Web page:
Last year’s stories about Japanese pensioner’s focussed on their propensity to shoplift , get caught and end up in jail (which they favoured over living solitary lives at home).
This blog looks at the problems of financial exclusion faced by Japan’s elderly and the people who look after their money. I’m grateful for much of the content to this excellent article by Mitsuro Obe, which deals with the issues in more depth
Japan has the oldest demographic in the world. Its over 75’s hold over 50% of Japan’s private wealth (a percentage expected to increase to 60% in ten years).
The situation is one that poses interesting questions . Only 28% of Japanese personal financial assets are held by people under 55, in Japan the mainstream market is actually the ageing market
Japanese savings have traditionally been held and managed by its banks , these banks are nervous that their most vulnerable customers are both their most valuable and their greatest risk.
Japan’s Financial Services Agency predicts that $2 trillion in personal financial assets, or over 10% of the nation’s total, will be in the hands of people with dementia by 2030.
Unsurprisingly , 78% of the cases dealt with by the Japanese police involving personal scamming, related to the over 65s.
So far, Japanese financial technology has been employed mainly to protect the elderly. One bank is developing an app whose end goal is to identify early signs of cognitive decline by analysing spending patterns using open banking data. The app will also send out alerts to family members if it detects unusual spending, in order to protect them from fraud.
Where there are families to manage the situation, such software is helpful, but the deeper problem lies with the elderly who live alone and without family.
Vast amounts of capital has poured into creating payment systems and financial products for millennial users, but the sector as a whole has often neglected their parents and grandparents — who, in reality, own far more assets.
There are thought to be two reasons for this. Firstly, there is an enduring belief that the over 65s don’t “do tech” . Secondly, the Japanese banking sector clinging to its branch banking network . Ironically, the branch network becomes increasingly inaccessible as customers age.
The issue is creating frustration amongst Japanese Fintechs. I hear this frustration echoed in the UK. But I side with one Japanese commentator whose opinion is
“If you’re a Fintech and people can’t use your product because they don’t understand it, it’s not their problem, it’s your problem, because your solution is not good enough”.
The problem is not unique to Japan, just more acute. Older people are always the main clients of financial services because they are the ones with money. If they become unable to transact, it means the industry loses its most important customer base.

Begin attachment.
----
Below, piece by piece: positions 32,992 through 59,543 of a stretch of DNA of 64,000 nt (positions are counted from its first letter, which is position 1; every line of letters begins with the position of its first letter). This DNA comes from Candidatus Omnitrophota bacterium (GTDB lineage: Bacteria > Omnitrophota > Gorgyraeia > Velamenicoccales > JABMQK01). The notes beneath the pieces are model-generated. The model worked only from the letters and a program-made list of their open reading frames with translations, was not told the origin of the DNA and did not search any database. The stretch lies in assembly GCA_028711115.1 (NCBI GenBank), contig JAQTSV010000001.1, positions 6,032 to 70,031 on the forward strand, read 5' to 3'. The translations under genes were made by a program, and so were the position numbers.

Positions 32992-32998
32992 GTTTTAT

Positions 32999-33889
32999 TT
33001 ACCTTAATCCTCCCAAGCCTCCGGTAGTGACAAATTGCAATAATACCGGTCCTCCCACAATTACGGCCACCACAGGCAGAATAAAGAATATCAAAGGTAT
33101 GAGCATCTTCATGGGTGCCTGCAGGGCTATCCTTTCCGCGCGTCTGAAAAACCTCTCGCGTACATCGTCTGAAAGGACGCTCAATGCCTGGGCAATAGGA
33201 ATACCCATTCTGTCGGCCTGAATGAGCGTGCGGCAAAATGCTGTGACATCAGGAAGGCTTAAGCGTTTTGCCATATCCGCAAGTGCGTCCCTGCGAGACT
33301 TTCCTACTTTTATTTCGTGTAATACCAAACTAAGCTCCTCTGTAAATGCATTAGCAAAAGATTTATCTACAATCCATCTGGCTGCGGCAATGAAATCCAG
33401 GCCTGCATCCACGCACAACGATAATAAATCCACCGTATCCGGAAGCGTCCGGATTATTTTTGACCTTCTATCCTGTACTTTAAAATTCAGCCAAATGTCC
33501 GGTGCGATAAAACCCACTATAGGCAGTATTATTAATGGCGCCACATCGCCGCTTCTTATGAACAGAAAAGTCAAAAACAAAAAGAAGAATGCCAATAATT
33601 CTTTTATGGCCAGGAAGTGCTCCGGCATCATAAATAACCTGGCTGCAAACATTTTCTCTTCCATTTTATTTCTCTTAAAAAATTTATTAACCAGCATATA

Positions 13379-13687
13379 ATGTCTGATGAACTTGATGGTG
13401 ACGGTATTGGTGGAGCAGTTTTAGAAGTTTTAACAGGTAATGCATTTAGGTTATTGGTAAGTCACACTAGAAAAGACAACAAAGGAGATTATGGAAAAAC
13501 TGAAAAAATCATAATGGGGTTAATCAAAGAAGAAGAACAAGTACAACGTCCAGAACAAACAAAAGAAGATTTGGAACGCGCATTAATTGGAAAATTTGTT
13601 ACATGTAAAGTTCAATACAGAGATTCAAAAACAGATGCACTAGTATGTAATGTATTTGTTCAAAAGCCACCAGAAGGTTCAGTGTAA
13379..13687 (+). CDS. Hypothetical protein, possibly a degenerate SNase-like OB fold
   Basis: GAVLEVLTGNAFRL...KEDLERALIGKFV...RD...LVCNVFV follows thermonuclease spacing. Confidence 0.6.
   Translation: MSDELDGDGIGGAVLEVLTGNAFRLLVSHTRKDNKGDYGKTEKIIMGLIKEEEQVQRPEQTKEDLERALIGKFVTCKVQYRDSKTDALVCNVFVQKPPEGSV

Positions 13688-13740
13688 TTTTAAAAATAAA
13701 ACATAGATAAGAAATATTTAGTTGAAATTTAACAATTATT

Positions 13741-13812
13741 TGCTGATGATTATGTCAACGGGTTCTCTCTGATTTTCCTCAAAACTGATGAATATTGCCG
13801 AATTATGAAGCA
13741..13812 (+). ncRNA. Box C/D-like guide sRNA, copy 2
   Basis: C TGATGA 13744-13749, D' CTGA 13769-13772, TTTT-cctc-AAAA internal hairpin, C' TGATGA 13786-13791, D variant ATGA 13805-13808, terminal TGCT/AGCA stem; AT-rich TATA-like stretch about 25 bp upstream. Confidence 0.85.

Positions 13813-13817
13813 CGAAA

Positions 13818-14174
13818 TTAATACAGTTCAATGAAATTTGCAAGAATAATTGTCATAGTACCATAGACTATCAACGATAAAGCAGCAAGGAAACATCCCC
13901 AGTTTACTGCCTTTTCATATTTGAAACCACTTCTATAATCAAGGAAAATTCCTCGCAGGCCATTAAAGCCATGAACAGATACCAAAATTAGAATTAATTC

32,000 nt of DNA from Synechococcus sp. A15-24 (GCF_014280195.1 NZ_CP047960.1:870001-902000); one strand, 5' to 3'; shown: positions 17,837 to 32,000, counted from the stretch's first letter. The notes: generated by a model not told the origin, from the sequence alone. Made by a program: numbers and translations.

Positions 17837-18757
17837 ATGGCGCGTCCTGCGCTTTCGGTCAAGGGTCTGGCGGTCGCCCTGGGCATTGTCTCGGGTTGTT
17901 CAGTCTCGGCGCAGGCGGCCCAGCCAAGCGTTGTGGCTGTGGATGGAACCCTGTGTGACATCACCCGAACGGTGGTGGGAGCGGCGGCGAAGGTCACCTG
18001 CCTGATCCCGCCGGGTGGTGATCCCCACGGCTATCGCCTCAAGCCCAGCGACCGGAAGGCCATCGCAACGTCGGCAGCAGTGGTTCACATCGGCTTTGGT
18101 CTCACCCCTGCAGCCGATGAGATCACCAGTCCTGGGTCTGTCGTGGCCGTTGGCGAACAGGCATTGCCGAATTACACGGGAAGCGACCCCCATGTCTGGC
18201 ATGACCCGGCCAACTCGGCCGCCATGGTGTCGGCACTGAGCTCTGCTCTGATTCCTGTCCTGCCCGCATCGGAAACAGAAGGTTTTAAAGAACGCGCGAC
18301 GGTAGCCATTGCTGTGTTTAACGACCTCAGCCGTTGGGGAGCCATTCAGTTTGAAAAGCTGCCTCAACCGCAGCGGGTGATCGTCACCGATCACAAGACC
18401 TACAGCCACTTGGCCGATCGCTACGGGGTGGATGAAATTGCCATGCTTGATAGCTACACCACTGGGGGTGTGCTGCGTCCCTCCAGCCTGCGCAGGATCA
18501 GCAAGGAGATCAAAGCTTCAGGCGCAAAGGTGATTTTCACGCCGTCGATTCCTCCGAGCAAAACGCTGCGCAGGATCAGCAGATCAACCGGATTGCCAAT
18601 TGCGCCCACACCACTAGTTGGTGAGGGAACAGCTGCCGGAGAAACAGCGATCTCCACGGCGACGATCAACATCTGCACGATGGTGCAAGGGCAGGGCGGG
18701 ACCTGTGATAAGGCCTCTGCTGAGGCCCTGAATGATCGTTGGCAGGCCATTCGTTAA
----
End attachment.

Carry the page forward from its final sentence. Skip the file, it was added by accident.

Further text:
In the UK , most pensioners don’t use financial advisers. As in Japan, it’s isolation from good support that gives the fraudster the opportunity
Advisers often talk of “succession” in terms of giving customers more of the same. In practice, customer’s needs change with age – shouldn’t we be thinking of succession in our ageing customer’s terms?
One Japanese friend likened banks’ response to ageing customers as boiling a frog. The water warms so slowly that the frog never knows it’s in trouble – and then the frog is dead.
Conversations I have in the UK with Fintechs like Multiply AI and Abaka, focus on how to use technology to engage the millennials. This is of course the easiest group to engage with, but it may not be the most urgent.
The fastest growing Facebook demographic is grandparents, where elderly people see the need – as in speaking to their grandchildren, they become technologically adept. The challenge of the financial services industry is to find ways to get elderly clients to feel that need.
Whether the purpose of technology turns out to be fraud protection, or – more positively – to enable older people to cope with the issues of later life – we need to find better products that they can use.
By way of example, my Mum has learned to text only after she got her mobile provider to find her a large key phone.
At 87 she is now sure of what she is doing and finding ways to my children’s hearts with the sweetest of messaging. Pentech needs large keys!
Empowering their old to manage their finances using technology, may not solve the problems of the “pensioner crime wave”, which appears to be more about loneliness than penury.
But it may go some way to including older people into the society they feel excluded from. There are easier ways to find other people than prison, and technology can help there too.